OUR WORD IS OUR KEEPER
THOMAS ELLWOOD was sitting in the growing darkness of Newgate Prison, wondering whether the daylight was really gone and if it was time for him to get out the hammock in which he slept and prepare for bed.
"It is hard to know," he said to the man nearest to him, "whether it is more uncomfortable at night or in the daytime."
It was no wonder that he spoke so, for an English prison in 1662 was a very dreadful place. The floors were damp and dirty, even at noontime the room was a gloomy twilight, and today it was so crowded that the prisoners could scarcely move about. They were all Quakers, sent to Newgate for refusing to take an oath. "The law requires you to swear that your statements are true!" had thundered the officers of the court. "Nay," the Quakers had replied, "a man's word, truthfully given, is as binding as any oath can be, and it is wrong to swear." So they had all been herded into Newgate to spend months of imprisonment for this offence.
"Thomas, thou art taller than I. Canst thou reach the hook yonder to fasten my hammock?" called out an older man.
"Yes, indeed," answered Thomas, "but why not hang it to the post in the middle of the room to-night, in the place where poor James has been. That will be in the middle row, and the air may be better."
"James was a delicate man," replied the other as he acted on Thomas' advice; "it is not surprising that he died in this vile atmosphere, even though we gave him the best place that we could."
Everyone felt very much depressed by the death of this prisoner, and as they began to put up their hammocks, which had to be hung in all directions across the room, and one above the other until they were three rows high, the Friends still talked of him.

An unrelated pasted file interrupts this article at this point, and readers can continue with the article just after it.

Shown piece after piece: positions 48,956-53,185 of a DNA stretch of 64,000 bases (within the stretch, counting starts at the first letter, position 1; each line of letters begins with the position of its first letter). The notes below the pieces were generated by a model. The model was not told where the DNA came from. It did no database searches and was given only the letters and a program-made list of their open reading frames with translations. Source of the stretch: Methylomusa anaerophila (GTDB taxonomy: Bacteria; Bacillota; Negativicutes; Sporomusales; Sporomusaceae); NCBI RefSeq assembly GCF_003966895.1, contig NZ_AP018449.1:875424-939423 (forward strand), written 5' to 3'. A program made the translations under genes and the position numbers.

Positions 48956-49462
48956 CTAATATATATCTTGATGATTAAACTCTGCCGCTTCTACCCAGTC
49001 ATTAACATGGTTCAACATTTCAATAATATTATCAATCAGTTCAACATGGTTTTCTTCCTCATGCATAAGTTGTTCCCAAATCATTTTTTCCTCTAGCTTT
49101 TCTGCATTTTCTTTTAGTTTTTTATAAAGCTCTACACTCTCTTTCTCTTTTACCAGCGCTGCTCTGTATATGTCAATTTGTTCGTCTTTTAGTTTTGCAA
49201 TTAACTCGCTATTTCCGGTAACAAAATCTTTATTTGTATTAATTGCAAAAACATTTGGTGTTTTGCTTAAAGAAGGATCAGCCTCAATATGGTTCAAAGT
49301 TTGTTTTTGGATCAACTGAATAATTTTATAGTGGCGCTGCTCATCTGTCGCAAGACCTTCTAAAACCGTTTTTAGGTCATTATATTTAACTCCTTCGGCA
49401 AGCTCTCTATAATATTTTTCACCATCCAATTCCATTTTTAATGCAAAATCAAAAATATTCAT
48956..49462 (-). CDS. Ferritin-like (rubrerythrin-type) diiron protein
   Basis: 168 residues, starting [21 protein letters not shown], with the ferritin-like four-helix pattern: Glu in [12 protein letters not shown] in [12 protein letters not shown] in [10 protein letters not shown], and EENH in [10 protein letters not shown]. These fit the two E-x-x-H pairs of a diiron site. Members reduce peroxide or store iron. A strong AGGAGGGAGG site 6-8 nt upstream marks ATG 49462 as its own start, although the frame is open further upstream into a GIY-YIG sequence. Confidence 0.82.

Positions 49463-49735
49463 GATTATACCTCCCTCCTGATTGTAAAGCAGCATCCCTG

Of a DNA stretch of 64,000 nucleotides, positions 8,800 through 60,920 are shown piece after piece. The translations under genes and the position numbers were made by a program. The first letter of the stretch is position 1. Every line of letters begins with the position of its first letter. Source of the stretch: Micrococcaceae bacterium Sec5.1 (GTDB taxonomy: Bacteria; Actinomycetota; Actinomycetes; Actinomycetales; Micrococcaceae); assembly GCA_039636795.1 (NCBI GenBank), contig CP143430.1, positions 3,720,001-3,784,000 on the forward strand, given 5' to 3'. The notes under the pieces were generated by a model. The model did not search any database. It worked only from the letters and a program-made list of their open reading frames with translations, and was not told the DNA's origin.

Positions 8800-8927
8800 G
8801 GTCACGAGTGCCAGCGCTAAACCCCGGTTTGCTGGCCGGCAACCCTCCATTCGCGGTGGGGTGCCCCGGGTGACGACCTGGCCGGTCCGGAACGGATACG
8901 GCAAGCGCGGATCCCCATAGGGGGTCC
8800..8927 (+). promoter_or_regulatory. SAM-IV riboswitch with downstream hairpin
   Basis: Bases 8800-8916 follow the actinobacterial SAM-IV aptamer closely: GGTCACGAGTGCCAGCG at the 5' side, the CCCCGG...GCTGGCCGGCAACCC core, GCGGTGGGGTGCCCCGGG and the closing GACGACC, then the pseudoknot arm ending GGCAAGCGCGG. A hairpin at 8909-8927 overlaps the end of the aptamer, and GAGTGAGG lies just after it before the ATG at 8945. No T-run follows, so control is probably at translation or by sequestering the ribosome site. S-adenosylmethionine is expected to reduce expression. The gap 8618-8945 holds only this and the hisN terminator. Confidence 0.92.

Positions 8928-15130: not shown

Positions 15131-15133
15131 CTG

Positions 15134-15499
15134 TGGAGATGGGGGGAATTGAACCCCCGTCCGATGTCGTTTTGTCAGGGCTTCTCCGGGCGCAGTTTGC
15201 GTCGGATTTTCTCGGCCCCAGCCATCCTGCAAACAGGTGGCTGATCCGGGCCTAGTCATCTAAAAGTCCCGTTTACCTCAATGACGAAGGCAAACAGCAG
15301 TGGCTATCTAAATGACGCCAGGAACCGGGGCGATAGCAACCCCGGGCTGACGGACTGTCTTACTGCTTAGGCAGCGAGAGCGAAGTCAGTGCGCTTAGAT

Suddenly there was a great noise of voices and tramping of feet outside. A key grated in the lock, and a torch threw a blinding light into the room as the turnkey opened the door and shouted, "Hold, hold! here is the coroner's inquest come to see you!"
A jury had come to inquire the reason for the death of the man. There was scarcely room for them to come in, so they crowded at the door. At last the foreman exclaimed, "What a sight is here! We need not now question how this man came by his death: we may rather wonder that they all are not dead, for this place is enough to breed an infection among them!"
The jury withdrew, and the Quakers thought no more of the affair until the next day. Then a sheriff came and explained that he wished that he could set them all free; but as that was not in his power, he would send a number of them to the old Bridewell Prison, which was less crowded. "This," he said, "will be more comfortable for you, and your removal will give more room to those left behind."
And now a very strange thing happened. The porter, who should have escorted them from one prison to the other, told them that as they knew the way to Bridewell, and as he could trust them, they might as well go there alone, provided they were in before bedtime! So Thomas Ellwood and some thirty more of the Friends made up their packs of clothing, and taking their bundles on their shoulders, walked two and two abreast from Newgate to old Bridewell. Some staggered slightly as from weakness, others stepped firmly as though their feet welcomed the good earth once more. The faces of all were pale from the confinement of the prison. They looked about them calmly, and often smiled to see the blue sky and smell the fresh air. It was the middle of the afternoon and the street was full of people. Shop-keepers stared from their doors and passers-by stopped the little procession to ask who they were and where they were going. They said that they were prisoners, going from one prison to another.
"What!" exclaimed the townsmen. "Without a keeper? Why don't you go home? This is your opportunity!"
"No," Thomas Ellwood answered proudly, "for our word, which we have given, is our keeper."